Shira Shvadron: Movement in Capture

  • ©2019, Shira Shvadron

  • ©2019, Shira Shvadron
  • ©2019, Shira Shvadron

  • ©2019, Shira Shvadron



    Movement in Capture


Creation Year:



    Motion Capture


Artist Statement:

    Movement in Capture is an environmental visual story presented as an installation of 4 videos that explores the impact of pollution on ocean life. Dancers’ movements were recorded with motion capture technology as they identified with marine creatures forced to live in a polluted environment.

    The project attempts to demonstrate what marine creatures experience and feel in a polluted ocean, and how they move in an environment that is no longer natural and where they are restricted and confined. Using motion capture technology I recorded dancers. I requested the dancers to visualize marine creatures in such circumstances, and to move in accordance with how they feel, so their movement was intuitive and without any choreography. These movements were recorded and rigged to the characters and the creatures I designed using 3D methods, and then placed in an environment that simulates the deepest unknown parts of our oceans.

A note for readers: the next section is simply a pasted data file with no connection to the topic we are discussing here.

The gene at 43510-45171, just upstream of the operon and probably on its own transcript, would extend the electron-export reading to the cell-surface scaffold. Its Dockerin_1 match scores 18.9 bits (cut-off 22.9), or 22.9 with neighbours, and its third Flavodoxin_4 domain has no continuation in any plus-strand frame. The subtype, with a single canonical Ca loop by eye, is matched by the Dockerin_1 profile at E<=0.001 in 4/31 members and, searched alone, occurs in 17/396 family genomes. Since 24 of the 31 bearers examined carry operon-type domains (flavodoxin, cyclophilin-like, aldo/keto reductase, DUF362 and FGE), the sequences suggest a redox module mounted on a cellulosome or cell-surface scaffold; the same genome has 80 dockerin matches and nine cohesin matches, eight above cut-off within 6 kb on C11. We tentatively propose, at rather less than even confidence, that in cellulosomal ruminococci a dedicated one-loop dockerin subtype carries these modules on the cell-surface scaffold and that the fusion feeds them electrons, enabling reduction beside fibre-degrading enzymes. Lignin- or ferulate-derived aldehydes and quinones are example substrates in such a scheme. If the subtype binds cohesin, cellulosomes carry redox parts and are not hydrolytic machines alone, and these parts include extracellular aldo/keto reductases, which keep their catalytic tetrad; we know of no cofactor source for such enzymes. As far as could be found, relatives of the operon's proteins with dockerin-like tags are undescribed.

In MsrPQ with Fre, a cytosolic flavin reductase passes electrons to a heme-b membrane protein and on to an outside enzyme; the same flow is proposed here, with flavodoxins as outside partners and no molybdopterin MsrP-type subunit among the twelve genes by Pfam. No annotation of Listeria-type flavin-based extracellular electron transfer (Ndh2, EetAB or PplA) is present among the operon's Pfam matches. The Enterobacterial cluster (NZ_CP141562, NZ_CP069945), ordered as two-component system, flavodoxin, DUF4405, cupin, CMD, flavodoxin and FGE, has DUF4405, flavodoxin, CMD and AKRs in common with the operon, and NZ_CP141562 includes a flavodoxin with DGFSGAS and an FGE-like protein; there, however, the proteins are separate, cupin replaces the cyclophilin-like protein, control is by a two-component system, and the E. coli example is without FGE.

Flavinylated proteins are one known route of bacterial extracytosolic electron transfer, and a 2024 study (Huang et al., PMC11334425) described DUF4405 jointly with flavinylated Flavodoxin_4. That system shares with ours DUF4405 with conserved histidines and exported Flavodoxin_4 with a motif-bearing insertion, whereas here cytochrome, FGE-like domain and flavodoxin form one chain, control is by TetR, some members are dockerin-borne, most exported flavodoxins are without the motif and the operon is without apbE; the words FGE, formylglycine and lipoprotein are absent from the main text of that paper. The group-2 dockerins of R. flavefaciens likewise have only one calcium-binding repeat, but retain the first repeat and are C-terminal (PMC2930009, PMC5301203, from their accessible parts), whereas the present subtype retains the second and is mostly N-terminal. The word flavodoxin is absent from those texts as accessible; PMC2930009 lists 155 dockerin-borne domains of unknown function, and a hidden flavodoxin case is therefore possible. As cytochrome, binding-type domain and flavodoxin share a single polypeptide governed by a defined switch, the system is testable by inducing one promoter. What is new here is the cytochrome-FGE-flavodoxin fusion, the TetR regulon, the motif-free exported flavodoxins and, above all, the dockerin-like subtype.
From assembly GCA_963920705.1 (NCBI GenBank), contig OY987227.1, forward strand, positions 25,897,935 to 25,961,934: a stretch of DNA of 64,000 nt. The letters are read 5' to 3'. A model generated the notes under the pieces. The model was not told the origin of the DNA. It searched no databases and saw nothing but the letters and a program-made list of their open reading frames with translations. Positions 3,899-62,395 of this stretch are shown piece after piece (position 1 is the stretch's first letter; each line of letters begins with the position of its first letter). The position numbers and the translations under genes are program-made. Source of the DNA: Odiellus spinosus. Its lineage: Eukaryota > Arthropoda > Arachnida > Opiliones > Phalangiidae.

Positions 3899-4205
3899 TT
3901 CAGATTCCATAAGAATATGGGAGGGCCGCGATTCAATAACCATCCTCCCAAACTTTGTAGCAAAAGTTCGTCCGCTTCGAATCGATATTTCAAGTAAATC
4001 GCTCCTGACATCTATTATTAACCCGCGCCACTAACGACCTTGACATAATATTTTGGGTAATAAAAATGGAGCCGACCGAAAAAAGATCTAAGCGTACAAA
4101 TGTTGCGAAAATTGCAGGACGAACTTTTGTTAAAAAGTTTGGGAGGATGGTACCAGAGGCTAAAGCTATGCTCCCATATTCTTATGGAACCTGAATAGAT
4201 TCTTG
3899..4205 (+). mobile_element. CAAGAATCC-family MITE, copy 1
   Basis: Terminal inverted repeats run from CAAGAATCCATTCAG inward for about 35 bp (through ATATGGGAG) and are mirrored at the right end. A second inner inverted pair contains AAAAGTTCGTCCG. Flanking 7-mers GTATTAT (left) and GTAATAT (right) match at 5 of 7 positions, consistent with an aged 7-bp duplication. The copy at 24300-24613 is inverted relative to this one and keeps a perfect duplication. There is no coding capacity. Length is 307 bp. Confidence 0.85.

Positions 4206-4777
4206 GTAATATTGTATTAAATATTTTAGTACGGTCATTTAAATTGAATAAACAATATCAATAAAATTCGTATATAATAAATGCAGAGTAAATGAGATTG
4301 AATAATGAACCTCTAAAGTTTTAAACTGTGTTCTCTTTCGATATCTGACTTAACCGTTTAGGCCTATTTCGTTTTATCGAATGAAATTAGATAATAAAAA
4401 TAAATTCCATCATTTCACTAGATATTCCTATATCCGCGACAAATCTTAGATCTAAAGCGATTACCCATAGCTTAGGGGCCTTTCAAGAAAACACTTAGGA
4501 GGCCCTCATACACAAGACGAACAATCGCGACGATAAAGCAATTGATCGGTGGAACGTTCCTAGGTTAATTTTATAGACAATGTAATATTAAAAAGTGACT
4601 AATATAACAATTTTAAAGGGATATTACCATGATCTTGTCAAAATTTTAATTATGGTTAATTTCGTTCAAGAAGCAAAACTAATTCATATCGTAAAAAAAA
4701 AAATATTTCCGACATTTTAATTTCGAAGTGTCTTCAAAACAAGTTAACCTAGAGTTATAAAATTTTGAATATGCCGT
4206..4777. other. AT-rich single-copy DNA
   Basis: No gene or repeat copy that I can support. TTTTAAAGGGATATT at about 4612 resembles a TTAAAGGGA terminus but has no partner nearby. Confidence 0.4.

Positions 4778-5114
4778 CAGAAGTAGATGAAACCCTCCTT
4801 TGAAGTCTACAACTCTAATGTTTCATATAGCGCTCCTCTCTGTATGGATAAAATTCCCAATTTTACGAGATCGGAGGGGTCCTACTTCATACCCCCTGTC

Here, I have attempted to take the motion capture a step further from its conventional purpose of translating and documenting the physical human movement. I manipulated the movements into an anamorphic digital representation to explore what human movements on top of non-human forms can evoke. Movement in Capture consists of four storylines. Loop 1 depicts four plankton-inspired figures entangled in a microplastic bush. Loop 2 depicts a futuristic dystopian mutation of human beings turning into crumbling plastic shapes. As plastic is over flooding our systems it will become part of our bodies. Loop 3 depicts a jellyfish that is dancing with a plastic bag, mistakenly thinking the plastic bag is performing some kind of a mating ritual. Loop 4 depicts the “behind the scenes,” exposing for the audience the original human movement next to its digital manipulation, allowing the viewer to experience the impact of watching movements by human versus non-human shapes.


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